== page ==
7. Panisch LS, Tam LM. The Role of Trauma and Mental Health in the Treatment of Chronic Pelvic Pain: A Systematic Review of the Intervention Literature. Trauma Violence Abuse. 2020 Dec;21(5):1029-1043.
  8. Chandler HK, Ciccone DS, Raphael KG. Localization of Pain and Self-Reported Rape in a Female Community Sample. Pain Medicine 2006, 7(4):344–352.
  9. 9.0 9.1 Williams AC, Peña CR, Rice AS. Persistent pain in survivors of torture: a cohort study. J Pain Symptom Manage. 2010 Nov;40(5):715-22.
  10. Leserman J. Sexual abuse history: prevalence, health effects, mediators, and psychological treatment. Psychosom Med. 2005 Nov-Dec;67(6):906-15.
  11. Moisander PA, Edston E. Torture and its sequel--a comparison between victims from six countries. Forensic Sci Int. 2003 Nov 26;137(2-3):133-40.
  12. 12.0 12.1 Van der Velde J, Everaerd W. The relationship between involuntary pelvic floor muscle activity, muscle awareness and experienced threat in women with and without vaginismus. Behav Res Ther. 2001 Apr;39(4):395-408.
  13. Neuro Orthopaedic Institute. Explaining Brain Smudging. Available from: [last accessed 16/04/2024]
  14. Kabat‐Zinn J. Mindfulness‐based interventions in context: past, present, and future. Clinical psychology: Science and practice. 2003 Jun;10(2):144-56.
  15. Kabat-Zinn J. Full catastrophe living. New York: Bantam Books Trade Paperbacks; 2013.
  16. 16.0 16.1 16.2 Brotto LA, Bergeron S, Zdaniuk B, Driscoll M, Grabovac A, Sadownik LA, Smith KB, Basson R. A Comparison of Mindfulness-Based Cognitive Therapy Vs Cognitive Behavioral Therapy for the Treatment of Provoked Vestibulodynia in a Hospital Clinic Setting. J Sex Med. 2019 Jun;16(6):909-923.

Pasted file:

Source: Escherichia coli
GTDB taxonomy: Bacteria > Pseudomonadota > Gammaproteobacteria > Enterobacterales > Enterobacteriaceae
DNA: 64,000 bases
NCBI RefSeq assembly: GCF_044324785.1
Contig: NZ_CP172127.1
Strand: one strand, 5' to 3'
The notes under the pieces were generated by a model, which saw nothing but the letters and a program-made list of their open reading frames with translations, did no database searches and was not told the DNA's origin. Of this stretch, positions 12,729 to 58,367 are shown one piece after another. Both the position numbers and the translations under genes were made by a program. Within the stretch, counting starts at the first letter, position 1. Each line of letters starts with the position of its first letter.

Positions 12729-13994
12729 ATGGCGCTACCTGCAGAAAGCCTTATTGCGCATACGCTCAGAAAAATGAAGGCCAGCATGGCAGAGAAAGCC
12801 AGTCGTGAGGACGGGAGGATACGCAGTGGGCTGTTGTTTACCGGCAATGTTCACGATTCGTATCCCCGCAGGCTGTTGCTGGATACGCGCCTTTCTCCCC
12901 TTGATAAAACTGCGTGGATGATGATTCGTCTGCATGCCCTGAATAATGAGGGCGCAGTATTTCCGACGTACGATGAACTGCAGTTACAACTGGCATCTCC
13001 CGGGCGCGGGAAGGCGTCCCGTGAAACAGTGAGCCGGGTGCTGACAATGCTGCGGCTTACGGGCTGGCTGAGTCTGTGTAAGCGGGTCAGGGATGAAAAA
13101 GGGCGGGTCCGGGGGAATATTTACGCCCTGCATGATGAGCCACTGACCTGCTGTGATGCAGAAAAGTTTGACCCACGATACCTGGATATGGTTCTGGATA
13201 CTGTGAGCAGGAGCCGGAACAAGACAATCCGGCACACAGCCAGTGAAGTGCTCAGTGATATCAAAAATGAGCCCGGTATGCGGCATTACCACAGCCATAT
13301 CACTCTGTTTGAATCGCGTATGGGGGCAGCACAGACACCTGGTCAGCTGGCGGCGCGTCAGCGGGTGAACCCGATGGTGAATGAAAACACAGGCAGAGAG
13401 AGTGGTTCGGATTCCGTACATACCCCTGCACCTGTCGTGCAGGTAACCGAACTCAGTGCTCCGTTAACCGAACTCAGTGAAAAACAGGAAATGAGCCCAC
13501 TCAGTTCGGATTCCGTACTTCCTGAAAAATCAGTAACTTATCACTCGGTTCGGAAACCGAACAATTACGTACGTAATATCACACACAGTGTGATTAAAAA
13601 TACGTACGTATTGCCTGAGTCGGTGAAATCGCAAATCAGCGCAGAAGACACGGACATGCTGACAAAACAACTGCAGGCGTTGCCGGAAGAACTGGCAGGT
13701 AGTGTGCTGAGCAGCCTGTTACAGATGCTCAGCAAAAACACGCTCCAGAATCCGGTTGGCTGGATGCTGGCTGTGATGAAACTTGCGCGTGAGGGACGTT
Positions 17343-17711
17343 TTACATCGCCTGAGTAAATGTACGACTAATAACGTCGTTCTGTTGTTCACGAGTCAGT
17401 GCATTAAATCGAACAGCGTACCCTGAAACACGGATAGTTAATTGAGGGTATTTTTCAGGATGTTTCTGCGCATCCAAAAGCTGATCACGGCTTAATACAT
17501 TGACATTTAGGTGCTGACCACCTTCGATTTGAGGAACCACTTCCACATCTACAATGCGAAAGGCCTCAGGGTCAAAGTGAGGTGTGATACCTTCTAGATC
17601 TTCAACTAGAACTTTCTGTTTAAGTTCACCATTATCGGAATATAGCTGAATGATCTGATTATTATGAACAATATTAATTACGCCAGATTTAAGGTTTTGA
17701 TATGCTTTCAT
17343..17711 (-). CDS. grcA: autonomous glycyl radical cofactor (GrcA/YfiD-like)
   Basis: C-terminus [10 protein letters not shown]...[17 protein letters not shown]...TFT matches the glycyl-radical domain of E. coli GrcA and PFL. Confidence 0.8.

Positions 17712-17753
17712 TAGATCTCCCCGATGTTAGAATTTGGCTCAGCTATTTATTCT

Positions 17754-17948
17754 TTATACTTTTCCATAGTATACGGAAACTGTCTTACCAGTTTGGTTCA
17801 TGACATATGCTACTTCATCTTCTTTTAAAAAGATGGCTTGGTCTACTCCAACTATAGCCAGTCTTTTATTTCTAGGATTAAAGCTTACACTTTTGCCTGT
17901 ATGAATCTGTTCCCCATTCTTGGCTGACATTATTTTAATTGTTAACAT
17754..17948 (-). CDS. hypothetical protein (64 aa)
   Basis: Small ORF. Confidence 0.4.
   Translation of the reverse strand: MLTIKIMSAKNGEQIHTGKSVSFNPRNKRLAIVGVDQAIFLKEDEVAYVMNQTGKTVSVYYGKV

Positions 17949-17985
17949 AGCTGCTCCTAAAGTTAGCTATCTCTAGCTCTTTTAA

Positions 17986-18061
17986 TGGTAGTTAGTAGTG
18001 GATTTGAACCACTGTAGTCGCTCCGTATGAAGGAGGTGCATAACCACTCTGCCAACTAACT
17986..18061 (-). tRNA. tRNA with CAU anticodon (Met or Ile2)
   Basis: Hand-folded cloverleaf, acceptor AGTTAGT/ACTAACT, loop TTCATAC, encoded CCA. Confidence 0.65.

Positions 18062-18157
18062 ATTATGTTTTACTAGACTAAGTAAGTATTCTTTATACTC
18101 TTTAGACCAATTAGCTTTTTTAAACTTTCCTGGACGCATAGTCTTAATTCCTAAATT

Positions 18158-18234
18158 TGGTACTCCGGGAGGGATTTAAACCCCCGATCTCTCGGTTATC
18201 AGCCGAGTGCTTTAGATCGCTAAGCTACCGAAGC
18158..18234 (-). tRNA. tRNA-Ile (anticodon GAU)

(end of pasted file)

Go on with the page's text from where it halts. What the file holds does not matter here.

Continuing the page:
17. Rosenbaum TY. An integrated mindfulness-based approach to the treatment of women with sexual pain and anxiety: promoting autonomy and mind/body connection. Sexual and Relationship Therapy 2013; 28(1–2):20–28.
  18. Zeidan F, Gordon NS, Merchant J, Goolkasian P. The effects of brief mindfulness meditation training on experimentally induced pain. J Pain. 2010 Mar;11(3):199-209.
  19. Flehr A, Barton C, Coles J, Gibson SJ, Lambert GW, Lambert EA, Dhar AK, Dixon JB. #MindinBody - feasibility of vigorous exercise (Bikram yoga versus high-intensity interval training) to improve persistent pain in women with a history of trauma: a pilot randomized control trial. BMC Complement Altern Med. 2019 Aug 29;19(1):234.
  20. 20.0 20.1 Clark Donat LE, Reynolds J, Bublitz MH, Flynn E, Friedman L, Fox SD. The effects of a brief mindfulness-based intervention on pain perceptions in patients with chronic pelvic pain: A case series. Case Rep Womens Health. 2022 Jan 8;33:e00380.
  21. George SZ, Wittmer VT, Fillingim RB, Robinson ME. Comparison of graded exercise and graded exposure clinical outcomes for patients with chronic low back pain. J Orthop Sports Phys Ther. 2010 Nov;40(11):694-704.
  22. Ariza-Mateos MJ, Cabrera-Martos I, Ortiz-Rubio A, Torres-Sánchez I, Rodríguez-Torres J, Valenza MC. Effects of a Patient-Centered Graded Exposure Intervention Added to Manual Therapy for Women With Chronic Pelvic Pain: A Randomized Controlled Trial. Arch Phys Med Rehabil. 2019 Jan;100(1):9-16.
  23. Dr.Paul Stone. Graded Exposure. Available from:[last accessed 10/4/2024]
  24. Siegel DJ.The Developing Mind. How Relationships and the Brain Interact to Shape Who We Are, 1st Edition. New York: Guilford Publications, 1999.
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  27. Leonhardt C, Kuss K, Becker A, Basler HD, de Jong J, Flatau B, Laekeman M, Mattenklodt P, Schuler M, Vlaeyen J, Quint S. Graded Exposure for Chronic Low Back Pain in Older Adults: A Pilot Study. J Geriatr Phys Ther. 2017 Jan/Mar;40(1):51-59.
  28. Naachimuthu KP, Kalpana T. Graded Exposure and Use of Thiruppugazh for Stuttering: A Case Study. Indian Journal of Positive Psychology. 2022 Mar 1;13(1).